We tend to be 30-to-45 percent female. Our average age tends to be in the 27- to 28-year-old range with four to five years of experience, but the head and the tail extend pretty far. As for industry and background, we tend to draw people from a pretty broad range of backgrounds: The largest are from finance and consulting but those are a plurality, not the majority of students. We have students from the public sector, engineers, and architects.

We have roughly 20-to-25 percent U.S. minority students and 8 to 12 percent are underrepresented minority students. That diversity is very important to us: A diverse student body means a diverse learning experience and we’re able to have diverse perspectives in the classroom and train all our students to be more thoughtful when they graduate.

Why did Yale decide to accept the GRE?

We are a school with very diverse student body with very diverse interests and backgrounds. We’re not [excluding] candidates who might be thinking of business school and other [professional] schools [and who took the GRE instead of the GMAT because the GRE is accepted at both].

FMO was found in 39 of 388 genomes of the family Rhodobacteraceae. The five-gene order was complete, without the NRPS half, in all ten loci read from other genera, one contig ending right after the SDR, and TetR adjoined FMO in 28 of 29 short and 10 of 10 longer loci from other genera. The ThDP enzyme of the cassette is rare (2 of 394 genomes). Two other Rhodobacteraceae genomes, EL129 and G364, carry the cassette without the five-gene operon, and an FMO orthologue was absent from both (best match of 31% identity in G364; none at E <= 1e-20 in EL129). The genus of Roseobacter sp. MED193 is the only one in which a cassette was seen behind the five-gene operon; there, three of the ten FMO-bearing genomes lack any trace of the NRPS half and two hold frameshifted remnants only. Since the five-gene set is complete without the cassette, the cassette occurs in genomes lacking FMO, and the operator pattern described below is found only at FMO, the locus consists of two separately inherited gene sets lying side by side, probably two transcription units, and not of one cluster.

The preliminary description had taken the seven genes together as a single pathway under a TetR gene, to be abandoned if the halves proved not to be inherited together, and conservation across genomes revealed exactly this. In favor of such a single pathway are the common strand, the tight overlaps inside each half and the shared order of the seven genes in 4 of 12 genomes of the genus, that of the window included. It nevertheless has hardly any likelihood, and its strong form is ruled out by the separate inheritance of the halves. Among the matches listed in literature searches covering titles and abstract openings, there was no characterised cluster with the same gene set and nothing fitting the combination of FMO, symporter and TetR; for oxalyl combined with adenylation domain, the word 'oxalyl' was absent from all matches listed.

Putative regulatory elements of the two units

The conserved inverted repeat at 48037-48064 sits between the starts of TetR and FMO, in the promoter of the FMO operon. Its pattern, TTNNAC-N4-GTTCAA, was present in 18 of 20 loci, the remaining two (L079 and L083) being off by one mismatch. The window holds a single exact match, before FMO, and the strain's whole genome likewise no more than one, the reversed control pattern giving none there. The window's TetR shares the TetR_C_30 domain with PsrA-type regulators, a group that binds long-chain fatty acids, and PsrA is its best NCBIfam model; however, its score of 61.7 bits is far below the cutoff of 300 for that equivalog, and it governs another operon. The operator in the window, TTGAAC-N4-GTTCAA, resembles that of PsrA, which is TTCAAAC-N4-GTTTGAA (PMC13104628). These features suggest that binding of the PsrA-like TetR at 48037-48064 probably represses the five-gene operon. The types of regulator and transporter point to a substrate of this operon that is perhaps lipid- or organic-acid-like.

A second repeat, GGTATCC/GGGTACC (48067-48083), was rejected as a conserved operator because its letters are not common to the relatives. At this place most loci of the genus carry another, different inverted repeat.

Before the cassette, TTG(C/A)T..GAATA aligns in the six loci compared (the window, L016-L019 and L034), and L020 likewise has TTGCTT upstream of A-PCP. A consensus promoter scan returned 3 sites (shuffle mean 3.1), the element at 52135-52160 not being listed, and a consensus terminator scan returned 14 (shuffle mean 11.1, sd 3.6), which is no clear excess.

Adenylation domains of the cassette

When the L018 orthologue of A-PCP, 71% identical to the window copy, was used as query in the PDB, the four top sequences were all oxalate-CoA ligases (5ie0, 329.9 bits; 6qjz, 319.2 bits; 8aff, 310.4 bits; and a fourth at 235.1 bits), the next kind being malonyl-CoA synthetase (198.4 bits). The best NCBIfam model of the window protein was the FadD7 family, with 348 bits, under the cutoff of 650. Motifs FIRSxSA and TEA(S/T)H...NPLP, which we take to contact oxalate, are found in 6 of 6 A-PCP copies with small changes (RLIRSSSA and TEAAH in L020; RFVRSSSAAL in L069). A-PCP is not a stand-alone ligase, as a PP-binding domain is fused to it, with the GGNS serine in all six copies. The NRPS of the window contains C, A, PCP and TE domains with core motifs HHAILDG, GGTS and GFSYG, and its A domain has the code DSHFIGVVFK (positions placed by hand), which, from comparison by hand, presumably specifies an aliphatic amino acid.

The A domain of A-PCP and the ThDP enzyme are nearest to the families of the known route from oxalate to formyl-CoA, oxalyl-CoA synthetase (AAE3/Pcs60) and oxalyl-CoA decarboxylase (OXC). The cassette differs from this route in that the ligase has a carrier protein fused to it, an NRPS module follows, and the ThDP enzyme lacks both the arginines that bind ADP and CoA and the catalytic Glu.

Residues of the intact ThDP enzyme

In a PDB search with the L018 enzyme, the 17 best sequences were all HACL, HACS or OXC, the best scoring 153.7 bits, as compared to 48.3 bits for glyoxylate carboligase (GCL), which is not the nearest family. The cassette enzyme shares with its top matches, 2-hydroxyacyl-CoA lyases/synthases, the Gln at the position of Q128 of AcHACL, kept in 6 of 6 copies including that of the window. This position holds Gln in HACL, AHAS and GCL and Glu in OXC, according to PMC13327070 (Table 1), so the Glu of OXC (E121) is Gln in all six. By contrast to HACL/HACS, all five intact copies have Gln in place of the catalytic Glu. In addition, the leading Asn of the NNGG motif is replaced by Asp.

What are key mistakes students make? How can they be prepared for your interview?

Some common mistakes really boil down to trying to be someone [you're not]. How they manifest that is by providing us with statements that the candidate feels we care about. We’re looking for leadership potential, but sometimes people think we’re looking for someone interested in a certain industry, and it can ring hollow.

Make sure you are asking people [for recommendations] who can write you very strongly positive recommendations. On the essays, simpler is better. You should be true to yourself. That’s not to say to not write interesting, compelling essays. It’s tough to draw the line for the gimmicky essays that are insincere and don’t grab our attention in a compelling manner.

Some financial aid is based on academic merit. How is merit determined?

We try to determine the greatest overall potential in a candidate, their experience, and all elements of the application and determine it that way. We also have a loan forgiveness program that is for graduates who go into nonprofit and public sectors; that’s what we use as need-based aid to make sure we provide aid to students going into those sectors, earning lower salaries.

Describe the philosophy of Yale admissions.

We recognize this is an inflection point in people’s lives. We feel our mission is to bring in the students who have the greatest potential to have the greatest impact on society. That sounds lofty but we take it seriously.

How is Yale different from other business schools?

Among the things that make the school different is the level of connection between Yale School of Management and Yale as a parent university. Most schools are stand-alone and don’t really interact with other parts of the university. Here, students do interact with colleagues at other professional schools and draw from their resources.

Describe the faculty at Yale.